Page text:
This isn't going to be so much a book review as it will be a look-see at one of my favorite (if not my absolute favorite) old puppet books in my collection. As you can tell from the front and back covers of my ex-library copy, shown above, the aesthetics of the puppets and the illustrations in this book are very, very cool.
The super-blondness of the girls on the cover, the weird green room, the "theatRE" instead of "theatER" in the title, and the je ne sais quoi of the illustrations on the back are leading you to one conclusion, right? We're "across the pond" with this book. But let's not assume that this dubious "Benny E. Andersen" is from the United Kingdom. Take a look at this small notice, tucked away on the copyright page:
Ah, the Danes! My wife's people!
So there is no Benny E. Andersen, but rather the Forlags of Copenhagen (I'm calling them the Forlags because I don't know how to write the crossed-out-O's in their first names on a keyboard). I'm not Danish, but I think in some strange way, the Forlags are my people too. I've always wondered if there's a common thread between all the weird music I like: the Ramones, Frank Zappa, Faith No More and Mr. Bungle, Gentle Giant, Nomeansno... my wife would say that the common thread is that it is weird music. But sometimes I like to focus on one factor I've noticed: all those bands are much more popular in Europe than they are here in the USA.
Take a look at these goofballs and tell me they're not my kindred spirits.
The photos and illustrations are really the best part of this book, so it's easy to just pick it up and flip around. The text is trying to tell this story of the "prima donna" puppet, as she keeps adding parts to her puppet play as she discovers new ways to make and perform puppets -- for example, the authors show you how to make a puppet out of a loofah, and a puppet out of old glasses or whatever, and then she adds them to her puppet play... yeah, it's kinda goofy, so don't waste too much time reading it.
the "prima donna" puppet
Part of the reason I skip stuff like this in the text is because I could probably have figured out how to make a puppet out of a loofah on my own if I wanted to. Joe Soucheray, a local sports writer and talk show host here in the Twin Cities, has a bit on his radio show called "Who are they writing this for?" In one of these bits, he drew his scrutinous eye upon an article printed in the Star Tribune about the excessively hot temperatures we had been having. Within the article was a little infographic thing, giving tips on what to do to "beat the heat." One of the tips was something along the lines of, "if it's uncomfortable in your home, and you don't have access to air conditioning, open a window." Joe rhetorically wondered "who they were writing this for," because, obviously, if you have the basic wherewithal to obtain and consume a newspaper article, you already have the common sense to open a window if it's too hot. Well, the same applies to this book (and others like it): I can make puppets out of stuff in the junk drawer on my own time. I came to you to see pictures of really kick-ass puppets and puppet theaters.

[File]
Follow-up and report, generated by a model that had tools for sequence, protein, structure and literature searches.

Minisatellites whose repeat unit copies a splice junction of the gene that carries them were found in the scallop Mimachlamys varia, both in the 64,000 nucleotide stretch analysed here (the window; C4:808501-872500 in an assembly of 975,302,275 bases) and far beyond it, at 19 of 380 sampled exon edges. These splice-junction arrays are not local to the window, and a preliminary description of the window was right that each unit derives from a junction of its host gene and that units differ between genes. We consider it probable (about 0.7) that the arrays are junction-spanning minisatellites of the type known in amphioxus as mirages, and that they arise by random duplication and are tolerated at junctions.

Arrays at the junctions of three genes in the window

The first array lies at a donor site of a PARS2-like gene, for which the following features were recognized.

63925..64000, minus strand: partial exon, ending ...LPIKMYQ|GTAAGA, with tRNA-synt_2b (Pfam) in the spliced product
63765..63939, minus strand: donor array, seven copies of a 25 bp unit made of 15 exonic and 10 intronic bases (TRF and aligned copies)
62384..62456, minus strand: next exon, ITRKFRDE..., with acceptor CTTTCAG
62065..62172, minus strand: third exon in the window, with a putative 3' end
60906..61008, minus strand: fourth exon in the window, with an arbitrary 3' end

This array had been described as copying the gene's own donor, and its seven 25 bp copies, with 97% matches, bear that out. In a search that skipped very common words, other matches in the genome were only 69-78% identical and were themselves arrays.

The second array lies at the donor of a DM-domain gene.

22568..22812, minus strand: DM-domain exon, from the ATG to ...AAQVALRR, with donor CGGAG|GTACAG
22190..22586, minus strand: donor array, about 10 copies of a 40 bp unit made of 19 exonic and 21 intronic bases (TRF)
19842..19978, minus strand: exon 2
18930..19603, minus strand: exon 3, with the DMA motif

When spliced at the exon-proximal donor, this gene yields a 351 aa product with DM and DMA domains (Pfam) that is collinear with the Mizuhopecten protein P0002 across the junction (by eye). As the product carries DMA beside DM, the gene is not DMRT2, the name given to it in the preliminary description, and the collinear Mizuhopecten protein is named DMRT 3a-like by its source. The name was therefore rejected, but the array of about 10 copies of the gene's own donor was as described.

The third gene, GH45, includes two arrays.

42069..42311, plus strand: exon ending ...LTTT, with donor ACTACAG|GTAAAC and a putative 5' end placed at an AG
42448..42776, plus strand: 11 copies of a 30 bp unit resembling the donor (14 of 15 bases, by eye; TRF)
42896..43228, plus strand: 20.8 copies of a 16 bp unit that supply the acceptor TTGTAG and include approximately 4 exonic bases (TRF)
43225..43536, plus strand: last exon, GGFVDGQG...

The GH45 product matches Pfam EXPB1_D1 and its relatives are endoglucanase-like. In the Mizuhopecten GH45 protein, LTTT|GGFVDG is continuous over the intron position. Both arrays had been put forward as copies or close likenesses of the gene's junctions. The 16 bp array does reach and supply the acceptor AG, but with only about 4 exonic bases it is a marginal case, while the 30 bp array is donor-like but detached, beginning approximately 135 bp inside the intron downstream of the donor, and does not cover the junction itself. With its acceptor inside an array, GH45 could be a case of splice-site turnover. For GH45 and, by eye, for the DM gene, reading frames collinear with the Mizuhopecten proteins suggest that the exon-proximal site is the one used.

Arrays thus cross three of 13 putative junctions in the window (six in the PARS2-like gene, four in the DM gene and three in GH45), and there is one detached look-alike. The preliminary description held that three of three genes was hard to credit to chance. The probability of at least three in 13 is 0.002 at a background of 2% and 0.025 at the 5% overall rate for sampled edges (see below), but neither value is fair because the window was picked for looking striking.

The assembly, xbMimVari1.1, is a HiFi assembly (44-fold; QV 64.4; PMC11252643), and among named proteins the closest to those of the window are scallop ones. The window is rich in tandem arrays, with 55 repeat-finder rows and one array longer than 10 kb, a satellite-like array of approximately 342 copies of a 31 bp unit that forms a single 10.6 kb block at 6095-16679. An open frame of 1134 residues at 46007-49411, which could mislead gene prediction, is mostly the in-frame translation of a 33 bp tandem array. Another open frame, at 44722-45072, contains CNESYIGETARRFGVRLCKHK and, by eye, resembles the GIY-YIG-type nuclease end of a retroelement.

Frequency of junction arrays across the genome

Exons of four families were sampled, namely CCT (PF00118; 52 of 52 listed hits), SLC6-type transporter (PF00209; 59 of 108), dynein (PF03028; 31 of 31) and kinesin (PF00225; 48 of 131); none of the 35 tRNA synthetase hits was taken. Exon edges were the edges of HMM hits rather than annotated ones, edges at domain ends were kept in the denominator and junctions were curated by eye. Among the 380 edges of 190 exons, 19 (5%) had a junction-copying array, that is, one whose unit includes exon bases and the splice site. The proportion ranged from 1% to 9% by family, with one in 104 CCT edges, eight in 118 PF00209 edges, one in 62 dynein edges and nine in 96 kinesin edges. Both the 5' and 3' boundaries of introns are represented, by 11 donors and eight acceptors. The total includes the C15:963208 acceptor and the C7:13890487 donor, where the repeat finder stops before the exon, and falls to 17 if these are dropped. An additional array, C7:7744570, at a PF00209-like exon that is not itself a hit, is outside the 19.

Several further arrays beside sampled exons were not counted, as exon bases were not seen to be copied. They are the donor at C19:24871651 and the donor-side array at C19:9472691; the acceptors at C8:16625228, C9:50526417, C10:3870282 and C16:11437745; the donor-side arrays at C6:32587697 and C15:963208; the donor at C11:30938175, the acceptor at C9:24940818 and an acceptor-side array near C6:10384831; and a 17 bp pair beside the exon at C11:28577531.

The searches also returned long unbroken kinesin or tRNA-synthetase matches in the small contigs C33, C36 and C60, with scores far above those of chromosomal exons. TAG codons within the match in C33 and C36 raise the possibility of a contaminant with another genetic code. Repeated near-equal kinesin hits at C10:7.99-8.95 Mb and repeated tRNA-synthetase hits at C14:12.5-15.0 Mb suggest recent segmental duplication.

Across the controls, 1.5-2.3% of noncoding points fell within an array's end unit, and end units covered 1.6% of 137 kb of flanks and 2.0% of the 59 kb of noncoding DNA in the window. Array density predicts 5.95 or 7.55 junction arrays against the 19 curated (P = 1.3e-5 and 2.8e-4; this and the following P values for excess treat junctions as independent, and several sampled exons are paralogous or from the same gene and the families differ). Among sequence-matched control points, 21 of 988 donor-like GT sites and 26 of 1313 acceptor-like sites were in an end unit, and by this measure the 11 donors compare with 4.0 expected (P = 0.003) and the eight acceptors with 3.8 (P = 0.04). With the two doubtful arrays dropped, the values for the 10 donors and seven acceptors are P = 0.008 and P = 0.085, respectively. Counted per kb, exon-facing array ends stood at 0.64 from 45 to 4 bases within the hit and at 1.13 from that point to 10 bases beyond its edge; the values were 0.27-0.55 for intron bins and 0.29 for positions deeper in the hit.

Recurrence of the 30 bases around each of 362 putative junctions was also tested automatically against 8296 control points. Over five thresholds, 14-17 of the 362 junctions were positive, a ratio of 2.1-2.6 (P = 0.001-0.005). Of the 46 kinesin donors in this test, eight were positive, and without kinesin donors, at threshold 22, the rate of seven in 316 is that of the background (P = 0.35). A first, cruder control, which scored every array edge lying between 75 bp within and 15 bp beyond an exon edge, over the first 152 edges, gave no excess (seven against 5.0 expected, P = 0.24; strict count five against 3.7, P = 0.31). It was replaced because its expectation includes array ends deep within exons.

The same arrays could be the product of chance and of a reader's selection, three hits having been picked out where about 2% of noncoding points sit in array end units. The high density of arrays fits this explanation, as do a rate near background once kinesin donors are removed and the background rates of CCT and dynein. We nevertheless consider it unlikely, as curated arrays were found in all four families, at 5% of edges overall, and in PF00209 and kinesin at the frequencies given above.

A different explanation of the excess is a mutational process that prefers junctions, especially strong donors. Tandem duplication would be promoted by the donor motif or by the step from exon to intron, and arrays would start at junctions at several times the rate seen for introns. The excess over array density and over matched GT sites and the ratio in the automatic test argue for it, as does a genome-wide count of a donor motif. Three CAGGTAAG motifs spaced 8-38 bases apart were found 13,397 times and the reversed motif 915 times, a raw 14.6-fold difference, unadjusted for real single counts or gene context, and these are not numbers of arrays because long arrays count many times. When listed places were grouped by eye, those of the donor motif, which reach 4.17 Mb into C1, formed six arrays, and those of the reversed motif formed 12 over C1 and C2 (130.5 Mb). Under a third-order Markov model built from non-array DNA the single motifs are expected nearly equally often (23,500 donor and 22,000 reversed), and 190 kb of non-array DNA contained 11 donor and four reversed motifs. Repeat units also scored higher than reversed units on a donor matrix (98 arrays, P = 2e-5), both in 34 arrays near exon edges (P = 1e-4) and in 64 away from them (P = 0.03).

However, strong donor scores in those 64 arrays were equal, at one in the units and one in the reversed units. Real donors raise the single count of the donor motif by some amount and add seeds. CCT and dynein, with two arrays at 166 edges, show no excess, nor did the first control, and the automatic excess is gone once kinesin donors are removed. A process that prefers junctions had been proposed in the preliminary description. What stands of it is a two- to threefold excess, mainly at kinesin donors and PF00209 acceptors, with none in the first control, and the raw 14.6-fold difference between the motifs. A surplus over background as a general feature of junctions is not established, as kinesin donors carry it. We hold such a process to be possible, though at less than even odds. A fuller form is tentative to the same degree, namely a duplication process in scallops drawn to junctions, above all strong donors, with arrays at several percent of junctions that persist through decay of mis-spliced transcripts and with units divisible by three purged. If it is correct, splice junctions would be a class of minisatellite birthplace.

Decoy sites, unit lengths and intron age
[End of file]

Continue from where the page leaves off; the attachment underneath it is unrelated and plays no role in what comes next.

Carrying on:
...and this book provides that, more than enough to make up for its goofy narrative. Again, the illustrations are pretty fun, in their non-accurate, free-hand way. By the way, this really is the best way to make a pattern for a basic glove puppet, like the ones I make sometimes:
In the few years after I had gotten this book, I made a few puppets based almost entirely on the aesthetic of the puppets in this book: papier-mache heads with glove puppet bodies. They actually take a while to do... or at least they did when I was doing them; I may have been -- actually, I was -- much lazier back then. I like this next picture of one of the puppet makers' work table: in case you've ever wondered what my work table looks like, just picture a far less tidy version of this.
This book, a Danish work being filtered through a British translation, has its quirks. I feel like enough of a dork running around the suburbs of Minneapolis -- going to Michael's, Hancock Fabrics, etc. -- invading the little old quilting ladies' hotspots with my weird puppet-making needs. But imagine how awkward and strange it would be if I tried to use this book's "Where to get materials" appendix. For example:
Piano castors: Can be obtained or ordered from ironmongers.
Trestles: Can be bought from timber merchants.
Gauze: Sold by the yard in shops that sell nursing supplies and also from chemists.
Net: Can be bought from drapery shops.
Expanded Polystyrene: Can be bought from firms dealing with the materials for window decoration, insulation and packing.
Expanded Polystyrene Balls: Sold by craft material stockists.
"Excuse me, is this a craft material stockist? Yes, I'm looking for expanded polystyrene balls. I'm sorry, I'm in a bit of a rush, I still have to hit a drapery shop and a timber merchant. And maybe an ironmonger. If there's time." Oh, and don't forget to pick up this valuable puppet-making item:
Loofahs: From chemists and department stores.
But don't take my word for it! There's a weirdly jarring, but oddly sage, bit of advice randomly placed among the book's final pages. If I was the kind of person who cut out uplifting, philosophical quotes to tape to my bathroom mirror or computer monitor, this would be one of mine: